2 Healthcare Professionals You Should Meet: Certified Diabetes Educator and Registered Dietitian
How to ease into successful diabetes management
Meeting with a certified diabetes educator (CDE) and a registered dietitian (RD) can help ease you into your new (hopefully healthier) lifestyle by providing you and your loved ones with invaluable education.
The Standards of Medical Care in Diabetes-2018 recommend the following:
- “…… all people with diabetes should participate in diabetes self-management education to facilitate the knowledge, skills, and ability necessary for diabetes self-care and in diabetes self-management support to assist with implementing and sustaining skills and behaviors needed for ongoing self-management.”2
- “All individuals with diabetes should be offered a referral for individualized MNT*, preferably provided by a registered dietitian who is knowledgeable and skilled in providing diabetes-specific MNT.” 2
*MNT - medical nutrition therapy
What is a certified diabetes educator (CDE)?
A CDE is a health care professional that has extensive knowledge in diabetes prevention and diabetes management. A CDE provides ongoing education and support to individuals with diabetes throughout their lifespan.1,2,3
How can a CDE help?
Certified diabetes educators provide a wide range of education that may include:
- Understanding the medication prescribed by your physician, including insulin use and proper injection technique
- How to use diabetes devices (i.e. blood glucose meter, insulin pump, etc.)
- Assisting with pattern management (adjusting medication based on your glucose logs)
- Understanding nutrition and diabetes
- Understanding how exercise impacts your health and diabetes management
- Tips for healthy coping
- Connecting you with community resources and support groups
To become a CDE, a qualified health-care professional must pass a nationally recognized exam that encompasses all aspects of diabetes care. Once the examination is successfully passed the CDE must obtain a certain amount of continuing education every 5 years or retake the certification exam to maintain the CDE credential.3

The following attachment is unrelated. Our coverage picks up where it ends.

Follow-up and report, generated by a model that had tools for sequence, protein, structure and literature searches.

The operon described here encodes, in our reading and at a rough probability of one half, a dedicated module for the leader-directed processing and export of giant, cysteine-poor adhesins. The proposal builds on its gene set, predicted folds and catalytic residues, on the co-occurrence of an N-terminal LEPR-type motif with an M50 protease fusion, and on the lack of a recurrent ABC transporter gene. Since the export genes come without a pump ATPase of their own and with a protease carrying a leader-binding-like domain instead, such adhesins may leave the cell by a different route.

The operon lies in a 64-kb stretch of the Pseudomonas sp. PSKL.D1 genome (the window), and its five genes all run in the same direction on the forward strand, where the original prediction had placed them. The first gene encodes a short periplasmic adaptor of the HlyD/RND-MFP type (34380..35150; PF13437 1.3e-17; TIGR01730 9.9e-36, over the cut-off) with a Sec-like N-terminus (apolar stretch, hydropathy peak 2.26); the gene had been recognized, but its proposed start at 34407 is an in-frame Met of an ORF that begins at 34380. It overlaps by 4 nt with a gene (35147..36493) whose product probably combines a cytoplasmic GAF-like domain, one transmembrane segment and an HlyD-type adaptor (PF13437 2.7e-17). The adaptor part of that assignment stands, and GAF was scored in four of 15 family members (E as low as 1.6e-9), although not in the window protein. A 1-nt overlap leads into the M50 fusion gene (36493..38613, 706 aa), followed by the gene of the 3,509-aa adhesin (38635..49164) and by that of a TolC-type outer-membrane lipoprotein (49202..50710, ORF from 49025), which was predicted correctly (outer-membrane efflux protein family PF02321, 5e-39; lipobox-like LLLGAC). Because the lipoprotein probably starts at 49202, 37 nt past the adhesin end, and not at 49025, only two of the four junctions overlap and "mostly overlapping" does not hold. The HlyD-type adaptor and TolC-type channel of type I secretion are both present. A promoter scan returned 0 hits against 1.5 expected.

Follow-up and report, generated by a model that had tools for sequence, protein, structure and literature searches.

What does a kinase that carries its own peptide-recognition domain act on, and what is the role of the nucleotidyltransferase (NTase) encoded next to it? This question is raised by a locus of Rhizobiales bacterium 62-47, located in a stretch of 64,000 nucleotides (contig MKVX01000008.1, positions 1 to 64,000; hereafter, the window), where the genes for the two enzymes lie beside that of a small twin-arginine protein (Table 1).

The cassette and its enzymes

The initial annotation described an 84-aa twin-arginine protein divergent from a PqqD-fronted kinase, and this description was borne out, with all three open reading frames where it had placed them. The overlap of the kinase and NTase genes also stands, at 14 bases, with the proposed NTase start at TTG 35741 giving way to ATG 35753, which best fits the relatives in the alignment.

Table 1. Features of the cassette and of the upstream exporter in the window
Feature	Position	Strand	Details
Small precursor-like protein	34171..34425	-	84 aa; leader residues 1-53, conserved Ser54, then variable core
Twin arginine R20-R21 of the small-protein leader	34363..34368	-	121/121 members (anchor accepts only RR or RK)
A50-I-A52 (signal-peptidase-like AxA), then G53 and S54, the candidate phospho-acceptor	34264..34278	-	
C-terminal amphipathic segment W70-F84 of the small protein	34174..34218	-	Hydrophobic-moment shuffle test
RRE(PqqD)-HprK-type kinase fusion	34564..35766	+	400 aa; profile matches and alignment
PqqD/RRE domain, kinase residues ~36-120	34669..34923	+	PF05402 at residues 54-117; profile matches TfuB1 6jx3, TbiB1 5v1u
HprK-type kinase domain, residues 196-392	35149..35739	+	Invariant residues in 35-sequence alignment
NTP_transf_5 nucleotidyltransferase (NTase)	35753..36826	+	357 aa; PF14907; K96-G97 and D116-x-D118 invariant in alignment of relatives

What is a registered dietitian (RD)?
A registered dietitian is a health care professional with expertise in food, nutrition, and medical nutrition therapy. To become a registered dietitian specific academic and professional requirements must be met, some of which include:4
- A bachelor's degree in dietetics from an accredited college or university
- Complete of an internship program that includes clinical, community, and food service experience
- Pass a nationally recognized exam
- Complete the ongoing professional continuing education4
Registered dietitians may also specialize in diabetes and eventually become certified diabetes educators.
How can an RD help?
Registered dietitians may help in the following ways:
- Assess current diet for nutritional adequacy
- Develop meal plans that target specific goals (i.e. improve nutrient balance, assist with weight loss, manage a chronic disease, avoid specific food allergens and/or food intolerances, etc.)
- Assist with developing a grocery list
- Provide medical nutrition therapy. Medical Nutrition Therapy “Is an evidence-based medical approach to treating certain chronic conditions (i.e. diabetes) through the use of an individually-tailored nutrition plan.” 5
Insurance coverage for diabetes and nutrition education
- Commercial insurance: It is best to contact your insurer directly for additional information.
- Government Insurance: Medicare Part B covers diabetes self-management training and nutrition therapy services for individuals that meet qualification criteria. To receive diabetes self-management training, you must have a written order for your physician and be at risk for diabetes related complications.6 Medicare may cover up to 10 hours of initial diabetes self-management training/education.6Click here for additional information.
- To receive medical nutrition therapy services, you must have a written order from your physician and have one of the following conditions: diabetes, kidney disease, or a kidney transplant in the last 36 months.7Click here for additional information.
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